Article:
This post is in partnership with IKEA, all opinions are my own.
I believe most parents want their kids to inherit a cleaner, greener world. As an adult I try to live a greener life, and I want to be an example to my kids as well.
Today, there are so many opportunities for kids and adults to live sustainably, many of which are things our grandparents probably did without thinking. As a society we’ve been accustom to convenience, but sometimes that means more waste and it isn’t always best for the world we live in.
I find that the easiest way to get my children involved is to make greener choices the most convenient option in our home.
IKEA has some great inexpensive items you can use in your home to help your children learn how to live a more sustainable life. In fact some of these items are so popular you probably already have them in your house.
Use less paper products in the kitchen.
If you know me, you know I love my paper towels, but I also try to use dish cloths and rags whenever possible.
To make this happen I have a drawer of dish towels in my kitchen. We use them for drying dishes and hands and cleaning up spills.
We use two to three towels a day and I throw them into whatever load is in the wash at the end of the day.
Every few months the dish towels get moved to the rag bin and we replace them with fresh towels. Not only are we creating less waste, we are saving money by not using a roll of paper towels every single day.
Having the towels close to the sink and easily accessible encourages my kids to grab a cloth towel instead of a paper towel when they need it.
Smaller bowls = less food waste.
Most of my children have eyes bigger than their stomachs and tend to take huge helpings if I’m not watching. Usually they can’t finish their food because they filled their grown-up sized plate with a grown-up sized portion.
Kids can’t help but take smaller servings on these kid sized dishes and if they are still hungry they are always welcome to get seconds, or even thirds.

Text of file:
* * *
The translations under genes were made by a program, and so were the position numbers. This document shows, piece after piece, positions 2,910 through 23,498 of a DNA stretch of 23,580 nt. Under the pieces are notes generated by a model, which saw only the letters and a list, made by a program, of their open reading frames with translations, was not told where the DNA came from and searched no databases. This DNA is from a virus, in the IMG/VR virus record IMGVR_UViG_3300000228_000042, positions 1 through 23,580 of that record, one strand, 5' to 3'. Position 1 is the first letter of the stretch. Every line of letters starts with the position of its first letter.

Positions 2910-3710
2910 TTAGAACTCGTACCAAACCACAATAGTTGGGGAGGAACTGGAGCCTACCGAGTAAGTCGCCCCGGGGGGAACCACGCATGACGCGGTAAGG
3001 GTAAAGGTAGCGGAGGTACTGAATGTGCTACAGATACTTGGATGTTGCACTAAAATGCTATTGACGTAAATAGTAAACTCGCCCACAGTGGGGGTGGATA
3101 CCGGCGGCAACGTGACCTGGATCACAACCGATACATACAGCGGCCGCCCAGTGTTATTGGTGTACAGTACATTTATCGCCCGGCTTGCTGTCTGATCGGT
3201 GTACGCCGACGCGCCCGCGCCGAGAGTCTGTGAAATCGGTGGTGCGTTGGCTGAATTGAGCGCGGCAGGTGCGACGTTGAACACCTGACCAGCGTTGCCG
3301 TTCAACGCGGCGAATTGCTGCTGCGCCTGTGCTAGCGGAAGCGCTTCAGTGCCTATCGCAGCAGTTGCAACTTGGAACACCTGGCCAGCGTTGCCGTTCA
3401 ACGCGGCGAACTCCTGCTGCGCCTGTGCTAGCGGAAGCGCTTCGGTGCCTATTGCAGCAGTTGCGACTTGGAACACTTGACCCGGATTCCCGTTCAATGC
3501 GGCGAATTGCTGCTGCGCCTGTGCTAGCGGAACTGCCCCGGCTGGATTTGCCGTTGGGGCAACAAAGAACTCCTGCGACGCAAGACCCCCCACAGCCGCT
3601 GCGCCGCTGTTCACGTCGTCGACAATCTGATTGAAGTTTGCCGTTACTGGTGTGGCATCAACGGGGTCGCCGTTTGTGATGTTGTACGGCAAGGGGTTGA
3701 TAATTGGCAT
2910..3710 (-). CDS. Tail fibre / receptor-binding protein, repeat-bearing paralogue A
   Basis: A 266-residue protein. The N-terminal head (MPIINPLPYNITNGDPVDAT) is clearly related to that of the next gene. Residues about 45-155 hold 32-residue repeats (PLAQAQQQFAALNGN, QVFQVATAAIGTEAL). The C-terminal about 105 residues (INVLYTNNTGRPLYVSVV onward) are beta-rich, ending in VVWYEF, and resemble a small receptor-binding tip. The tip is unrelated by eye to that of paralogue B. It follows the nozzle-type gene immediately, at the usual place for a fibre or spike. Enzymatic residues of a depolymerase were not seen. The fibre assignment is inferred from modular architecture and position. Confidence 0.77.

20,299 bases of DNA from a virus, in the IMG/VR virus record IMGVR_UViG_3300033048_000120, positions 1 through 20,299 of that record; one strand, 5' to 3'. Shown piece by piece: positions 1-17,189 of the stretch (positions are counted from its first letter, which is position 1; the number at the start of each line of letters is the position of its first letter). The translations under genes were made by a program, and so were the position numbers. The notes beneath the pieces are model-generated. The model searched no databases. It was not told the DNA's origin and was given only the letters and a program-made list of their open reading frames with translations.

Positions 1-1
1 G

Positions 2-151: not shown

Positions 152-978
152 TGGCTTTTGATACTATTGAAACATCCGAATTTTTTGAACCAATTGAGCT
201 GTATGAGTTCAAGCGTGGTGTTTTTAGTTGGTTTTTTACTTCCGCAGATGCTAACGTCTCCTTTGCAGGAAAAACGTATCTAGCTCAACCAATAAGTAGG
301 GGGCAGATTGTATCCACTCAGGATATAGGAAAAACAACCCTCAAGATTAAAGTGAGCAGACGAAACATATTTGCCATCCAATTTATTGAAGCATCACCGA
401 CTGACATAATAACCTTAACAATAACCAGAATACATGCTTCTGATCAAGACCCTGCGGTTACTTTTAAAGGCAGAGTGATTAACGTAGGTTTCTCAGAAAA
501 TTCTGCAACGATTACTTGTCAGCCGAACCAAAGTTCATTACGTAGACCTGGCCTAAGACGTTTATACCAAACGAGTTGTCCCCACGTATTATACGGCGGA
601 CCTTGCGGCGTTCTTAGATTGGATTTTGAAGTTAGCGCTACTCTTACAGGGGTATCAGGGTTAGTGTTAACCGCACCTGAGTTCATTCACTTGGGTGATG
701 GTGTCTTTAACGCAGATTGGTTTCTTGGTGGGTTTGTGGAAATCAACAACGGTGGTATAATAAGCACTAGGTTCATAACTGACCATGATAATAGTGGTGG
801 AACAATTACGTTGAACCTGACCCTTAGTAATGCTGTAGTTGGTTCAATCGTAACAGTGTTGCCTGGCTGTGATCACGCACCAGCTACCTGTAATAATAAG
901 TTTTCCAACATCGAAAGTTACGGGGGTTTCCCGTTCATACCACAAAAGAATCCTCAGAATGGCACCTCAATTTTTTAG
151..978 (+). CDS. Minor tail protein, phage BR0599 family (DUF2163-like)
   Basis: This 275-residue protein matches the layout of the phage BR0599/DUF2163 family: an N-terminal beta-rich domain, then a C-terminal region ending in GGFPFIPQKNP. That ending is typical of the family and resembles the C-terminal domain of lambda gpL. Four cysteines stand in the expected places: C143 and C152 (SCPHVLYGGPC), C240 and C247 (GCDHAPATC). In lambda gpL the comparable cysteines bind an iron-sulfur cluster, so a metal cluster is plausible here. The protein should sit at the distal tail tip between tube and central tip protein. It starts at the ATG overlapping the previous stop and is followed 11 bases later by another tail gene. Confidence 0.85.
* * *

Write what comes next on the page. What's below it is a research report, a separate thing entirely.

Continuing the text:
Ever since I started using smaller dishes for the kids we throw away significantly less food every week.
I also use these plates and bowls for myself! They are great when you want to track how much you are eating and make sure your portions stay in check.
Reusing bath and pool towels to save water and money.
With six kids at home, we do a lot of laundry. One way to live a little greener is to encourage the kids hang up their towels after their showers instead of getting a new one every time. (There are even hotel chains who are rewarding guests with extra points for doing the same thing!)
However, it can be hard for younger children to reach the towel bar in most bathrooms.
We install a lower towel rack in our bathrooms so the kids can easily hang up their towels after they swim or take a shower. If the towel is hung up immediately after they use it, it can be used for several days without smelling gross.
When we rented our house we used the over the door towel racks so the kids always had a place to hang their towel. We also use them for pool towels and guest towels. This rack from IKEA has pads on the hanger so you don’t damage your doors when you use it.
Make it easy to recycle.
We have two recycle bins outside, but I don’t always want my younger children going out at night by themselves to throw something in the bin.
Keeping a small bin inside the house encourages kids of all ages to recycle and makes it easy for them to put boxes and cans in the bin throughout the day.
A small lightweight container like the IKEA DIMPA fits anywhere in your home and has handles so it is easy to carry out to the recycling bin several times a week. It folds up when not in use so you can put it away if necessary.
I’ve come to realize that if I make it easy for my kids to do something, there’s a significantly greater chance that it will get done when I’m not around to remind them to do it.
Encourage outside free play.
One of the best things we’ve done as a family is live close to green spaces (or have a large yard for the kids to play). Our kids love being outside, and finding fun activities that don’t require a ton of resources or electricity.
Not only does outside free play give them the opportunity to appreciate the world around them (and hopefully help keep it cleaner) it limits their screen time.
I hope as they grow older they will continue to appreciate the environment around them and be good stewards of their resources.